Cut Off Your Hands - HLLH

Cut Off Your Hands – HLLH

New Zealand band Cut Off Your Hands is one I’ve followed without great enthusiasm. With a bunch of EPs under their belt, their debut album was accompanied by a lot of hype. Possibly not undeserved, either, as it is a very good album which is simply not completely to my taste. It’s the sort of music that could come on the radio, and I’d not change the station, but I’m unlikely to choose to listen to it by choice. And yet there was something there that made me give the subsequent album a chance. But no – though it was more enjoyable than the debut, the sophomore effort still didn’t really push my buttons. Yet here we are in 2020, with Cut Off Your Hands announcing their demise as they release their third album, HLLH. And, bugger me, if they haven’t finally done it. This album is everything I felt the band had in them, but never heard.

All the progressive and post punk hints in their music have been dialled up to eleven, with healthy dollops of funk and dub. I’m reminded of the heady punk funk sounds of Joy Division, Talking Heads, King Crimson, David Bowie, Iggy Pop, and Gang of Four, and it’s a joy! Throw in some angular art pop from Roxy Music and Aotearoa’s own Split Enz, and Bob’s your uncle. Bookended by some not-quite ambient soundscapes, the album is a completely different beast from the preceding two albums, and yet has enough similarities it’s clearly still the same band. What’s most impressive is despite all those bands I have drawn comparisons with, mostly known for their ’70s and ’80s sounds, Cut Off Your Hands make it sound completely contemporary. HLLH doesn’t come across as a retro homage or nostalgic pastiche, so much as a celebration of what made those sounds special, reimagined for the 2010s.

Having said that, though, I have to admit that Lows does begin the album with a vibe that possibly wouldn’t be too out of place on David Bowie’s Low album. It does show that Cut Off Your Hands probably pay as much attention to Eno when he’s with Bowie, as they do when he’s with Talking Heads. And speaking of Talking Heads, Lows segues straight into Higher Lows, Lower Highs, which has the off-kilter bounce of that band. The groove of the rhythm section is irresistible. The following Hate Somebody (released as a single three years ago!) is possibly the most similar to the sound of the previous two albums, but still towers over all that came before, because of that funky and in your face rhythm. The guitar is less jangly, and more scratchy. Hate Somebody is paradoxically more polished, and rawer – dressed to the nines, ready to take you out and claw off your face.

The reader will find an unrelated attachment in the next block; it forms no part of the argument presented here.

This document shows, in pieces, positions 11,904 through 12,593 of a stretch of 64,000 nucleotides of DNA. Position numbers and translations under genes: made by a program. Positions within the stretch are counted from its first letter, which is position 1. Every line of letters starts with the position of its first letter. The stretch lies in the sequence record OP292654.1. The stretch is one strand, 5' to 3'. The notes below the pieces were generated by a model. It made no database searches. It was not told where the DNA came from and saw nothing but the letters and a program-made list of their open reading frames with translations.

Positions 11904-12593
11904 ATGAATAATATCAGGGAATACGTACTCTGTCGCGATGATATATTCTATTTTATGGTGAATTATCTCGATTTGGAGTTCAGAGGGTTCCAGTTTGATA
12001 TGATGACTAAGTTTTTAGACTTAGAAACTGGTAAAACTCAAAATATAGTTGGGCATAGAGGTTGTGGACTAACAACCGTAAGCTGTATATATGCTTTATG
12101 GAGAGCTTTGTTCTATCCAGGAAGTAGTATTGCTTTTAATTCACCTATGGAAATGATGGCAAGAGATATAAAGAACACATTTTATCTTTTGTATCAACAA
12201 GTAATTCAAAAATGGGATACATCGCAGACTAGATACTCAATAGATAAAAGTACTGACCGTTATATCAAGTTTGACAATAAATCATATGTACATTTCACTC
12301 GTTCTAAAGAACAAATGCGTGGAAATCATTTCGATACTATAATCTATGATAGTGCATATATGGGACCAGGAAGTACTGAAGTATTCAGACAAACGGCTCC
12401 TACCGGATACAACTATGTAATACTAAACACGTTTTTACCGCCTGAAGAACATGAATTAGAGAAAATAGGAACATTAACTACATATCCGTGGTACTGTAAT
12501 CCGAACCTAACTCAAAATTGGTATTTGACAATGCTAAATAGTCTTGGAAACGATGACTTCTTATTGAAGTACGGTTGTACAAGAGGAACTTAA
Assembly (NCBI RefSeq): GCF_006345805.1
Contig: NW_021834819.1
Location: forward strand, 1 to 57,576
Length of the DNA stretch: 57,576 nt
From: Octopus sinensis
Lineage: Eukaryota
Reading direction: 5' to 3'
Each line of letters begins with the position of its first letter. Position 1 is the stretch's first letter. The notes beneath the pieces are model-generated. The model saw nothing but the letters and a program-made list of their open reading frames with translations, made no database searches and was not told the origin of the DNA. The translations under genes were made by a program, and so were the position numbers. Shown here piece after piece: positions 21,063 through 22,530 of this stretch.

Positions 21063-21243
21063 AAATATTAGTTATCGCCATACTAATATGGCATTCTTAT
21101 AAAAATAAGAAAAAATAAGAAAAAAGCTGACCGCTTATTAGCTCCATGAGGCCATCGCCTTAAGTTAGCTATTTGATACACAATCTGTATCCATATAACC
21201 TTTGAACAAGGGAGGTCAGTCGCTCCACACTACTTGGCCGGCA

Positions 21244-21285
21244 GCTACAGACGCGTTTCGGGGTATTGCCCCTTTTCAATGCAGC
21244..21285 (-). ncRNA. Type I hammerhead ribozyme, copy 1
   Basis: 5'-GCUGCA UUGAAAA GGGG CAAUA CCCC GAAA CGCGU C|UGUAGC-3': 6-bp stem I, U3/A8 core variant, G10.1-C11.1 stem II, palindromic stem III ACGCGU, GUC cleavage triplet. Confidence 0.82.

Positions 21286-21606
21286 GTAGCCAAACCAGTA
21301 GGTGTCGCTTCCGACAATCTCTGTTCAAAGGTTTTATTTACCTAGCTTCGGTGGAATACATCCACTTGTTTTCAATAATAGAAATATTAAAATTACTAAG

L4EO is a too short introductory piece to Live For Each Other. Although it has the same beat, it is somewhat deranged and disjointed, and I love that sense of restrained chaos. Given just how well the band plays with this later on in the album, it would have been awesome to have heard an extended L4EO. It may be short, but it’s a real beaut. Live For Each Other on the other hand is a crazily glorious heaping of funk, underscored by some of the most exciting guitar on the album – although it’s largely kept in the background. Subtle incendiary riffs that don’t quite fit with the groove, and yet sound all the better for that.

On the Sea is possibly my least favourite track (it’s just a little too conventional, though that is purely relatively speaking), but the following IMG_030 is one of my favourites. Unfortunately it’s another instrumental intermission that is far too short for my liking. And then we have Blue Smoke Draft – a quite lovely song, which references the classic Kiwi song Blue Smoke. It has a wistful bounce to it that is not quite lugubrious. Blue Smoke Draft really does have the feel of a closing number, and if Cut Off Your Hands were a more conventional band, it probably would be just that.

But they’re not, so instead the album ends with my absolute favourite piece – the discordant dissonant metal machine music of Love Somebody. It’s a track that might make more sense were it to swap titles with Hate Somebody – but where would the fun be in that? Cut Off Your Hands are not going out with a whimper, but a full-bodied, blood-curdling, instrumental scream – and it’s glorious! Almost nine-and-a-half minutes of twisted, tortured noise. There are brief moments of respite, and they are as beautiful as the rest is ugly. And the ugly is beautiful anyway. This is a magnificent finale.

I can’t help but feel it’s a shame that this is Cut Off Your Hands’ swan song. On the other hand, it has made me want to go back and listen again to the previous two albums. It seems crazy to me that I can enjoy this album so much, when I was so uninspired by their previous efforts. Perhaps I wasn’t in the right time and place then, and now I am? Or perhaps this final hurrah of Cut Off Your Hands has simply seen the band raise their game, as I believe they were aware during the longwinded writing and release of the album that it would be the last. They certainly seem to have thrown everything at it, and I’m rather glad they did.

01. Lows (2:03)
02. Higher Lows, Lower Highs (4:59)
03. Hate Somebody (4:45)
04. L4EO (0:53)
05. Live For Each Other (3:50)
06. On the Sea (3:46)
07. IMG_030 (1:58)
08. Blue Smoke Draft (6:05)
09. Love Somebody (9:25)

Total Time – 37:44

Brent Harris – Drums, Vocals
Philip Hadfield – Bass
Nick Johnston – Vocals, Guitar
~ With:
Elisapeta Heta – Vocals
Soane Tui – Vocals
Jonathan Lee – Guitars
Jeremy Toy – Synths, Keyboards, Percussion

Record Label: Independent
Country of Origin: New Zealand
Date of Release: 16th October 2020

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